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In witnessing a rise of anti-Asian violence due to the pandemic, I have found it difficult to process how quickly we have broken our promise to protect vulnerable communities before their lives are taken. Asian Americans have been discussing the ongoing violence, hatred, and racially motivated attacks they have experienced since the pandemic’s onset, yet the cycle of death creating “progress” happens once again.
On March 16, a series of mass shootings took place at three spas and massage parlors located in Atlanta, Ga. Eight were killed, two were wounded, and of the eight, six of them were Asian women.
This hate crime was not the result of mental illness, but a symptom of the growing virus of racism, misogyny, and xenophobia. We are witnessing the result of violences that Asian women have long endured — fetishization, infantilization, and hypersexualization.
Many news media and articles continue to discuss what the Black community can do to demonstrate solidarity. Sources such as NBC are calling on the Black community to remedy the relationship between Black and Asian Americans, but who is the real culprit? White supremacy has succeeded in pitting Black and Asian Americans against each other. Both are victims on the extreme ends of a spectrum: Asian Americans have to combat the “Model Minority Myth” while Black Americans are characterized as the villain of that tale.
There are conversations to be had, and issues to address, but the only way to build alliances and create long-term interracial solidarity is by uncovering the histories of both Black and Asian American women, and coming to understand how these histories helped construct their identities. As women of color, it is vital that we enter conversations with the understanding that we have all learned how to survive in our own ways. The manners that we resist may manifest differently but are rooted in the same desire to grow and disrupt spaces to create futures for ourselves and those to follow us.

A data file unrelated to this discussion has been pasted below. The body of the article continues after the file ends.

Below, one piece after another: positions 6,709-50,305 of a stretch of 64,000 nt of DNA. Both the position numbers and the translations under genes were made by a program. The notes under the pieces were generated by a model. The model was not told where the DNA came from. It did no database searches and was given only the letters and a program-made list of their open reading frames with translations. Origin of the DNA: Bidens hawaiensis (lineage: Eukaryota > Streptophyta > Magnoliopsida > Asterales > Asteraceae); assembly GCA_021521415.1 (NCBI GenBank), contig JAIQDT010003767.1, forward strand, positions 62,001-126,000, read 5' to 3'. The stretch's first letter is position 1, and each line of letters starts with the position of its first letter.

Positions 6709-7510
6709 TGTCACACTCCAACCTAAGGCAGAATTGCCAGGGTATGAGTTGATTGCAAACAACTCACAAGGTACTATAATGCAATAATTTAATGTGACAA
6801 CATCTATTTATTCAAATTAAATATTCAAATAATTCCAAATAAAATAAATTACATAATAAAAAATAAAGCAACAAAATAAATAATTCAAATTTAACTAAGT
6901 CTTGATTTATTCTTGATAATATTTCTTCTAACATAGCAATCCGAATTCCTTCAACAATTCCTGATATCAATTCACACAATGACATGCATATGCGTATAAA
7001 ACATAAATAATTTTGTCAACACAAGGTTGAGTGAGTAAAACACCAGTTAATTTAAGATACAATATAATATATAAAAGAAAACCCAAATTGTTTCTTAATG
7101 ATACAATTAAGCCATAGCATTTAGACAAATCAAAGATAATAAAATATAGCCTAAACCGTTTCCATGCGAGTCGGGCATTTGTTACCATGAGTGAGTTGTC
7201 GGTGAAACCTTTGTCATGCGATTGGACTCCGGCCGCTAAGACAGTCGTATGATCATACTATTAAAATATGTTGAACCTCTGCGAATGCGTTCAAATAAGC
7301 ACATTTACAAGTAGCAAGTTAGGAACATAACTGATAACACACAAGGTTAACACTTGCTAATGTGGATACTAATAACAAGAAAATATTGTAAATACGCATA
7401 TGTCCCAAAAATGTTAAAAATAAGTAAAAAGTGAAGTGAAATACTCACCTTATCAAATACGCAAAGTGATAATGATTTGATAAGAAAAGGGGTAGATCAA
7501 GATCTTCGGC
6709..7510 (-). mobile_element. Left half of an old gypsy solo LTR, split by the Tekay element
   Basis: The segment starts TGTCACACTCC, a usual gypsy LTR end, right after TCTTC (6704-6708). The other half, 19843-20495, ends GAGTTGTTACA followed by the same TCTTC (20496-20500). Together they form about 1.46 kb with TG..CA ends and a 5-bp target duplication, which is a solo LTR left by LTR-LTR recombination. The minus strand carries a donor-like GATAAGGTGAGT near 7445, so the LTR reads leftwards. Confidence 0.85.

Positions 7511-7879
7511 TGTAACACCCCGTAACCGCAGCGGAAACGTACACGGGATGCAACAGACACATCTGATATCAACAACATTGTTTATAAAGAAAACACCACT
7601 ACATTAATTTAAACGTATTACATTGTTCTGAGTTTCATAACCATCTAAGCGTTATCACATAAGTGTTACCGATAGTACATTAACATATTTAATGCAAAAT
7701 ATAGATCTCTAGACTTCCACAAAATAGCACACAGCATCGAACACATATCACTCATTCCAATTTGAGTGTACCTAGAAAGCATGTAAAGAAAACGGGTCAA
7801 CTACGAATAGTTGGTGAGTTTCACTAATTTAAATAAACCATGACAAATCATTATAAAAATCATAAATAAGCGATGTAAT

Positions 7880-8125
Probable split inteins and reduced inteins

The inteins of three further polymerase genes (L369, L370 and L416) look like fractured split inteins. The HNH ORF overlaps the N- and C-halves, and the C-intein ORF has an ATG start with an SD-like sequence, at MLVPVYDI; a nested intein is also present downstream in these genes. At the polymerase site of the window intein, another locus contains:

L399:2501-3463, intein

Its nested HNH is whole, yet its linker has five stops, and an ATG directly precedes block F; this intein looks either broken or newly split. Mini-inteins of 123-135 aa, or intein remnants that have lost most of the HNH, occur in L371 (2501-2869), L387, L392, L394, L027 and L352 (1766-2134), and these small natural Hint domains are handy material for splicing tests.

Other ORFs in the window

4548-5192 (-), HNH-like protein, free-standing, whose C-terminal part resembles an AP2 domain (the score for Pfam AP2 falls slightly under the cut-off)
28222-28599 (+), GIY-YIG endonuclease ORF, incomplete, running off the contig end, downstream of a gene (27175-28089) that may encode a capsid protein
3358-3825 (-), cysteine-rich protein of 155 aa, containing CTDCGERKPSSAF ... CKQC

Despite Black and Asian American women’s connectedness, there has been very little conversation between the two groups at Harvard and beyond, even when we are both facing brutality, violence, and can assist one another during these times. By redirecting discourse to these women’s crisscrossing rivers, our words and authentic mutual support can begin to flow.
Microaggressions such as the question “Where are you from?” are rooted in the histories of the Asian Americans and Black Americans whose labor has constructed our current society, largely through means of slavery and exploitation. Chinese Americans, for example, were forced to construct the Transcontinental Railroad at lower pay than their white counterparts, with many dying due to the lethality of mining. We can be used to make America and simultaneously be forced to justify our “Americanness” when it is both groups’ sweat and blood that form the ground on which we walk.
This question also specifically targets Asian American women by emphasizing the idea that they are foreign or exotic, which plays into their fetishization. Terms such as “china doll,” “baby face,” and “porcelain,” infantilize Asian women, stripping them of their agency and justifying their assault — and in the case of the Atlanta shootings, murder.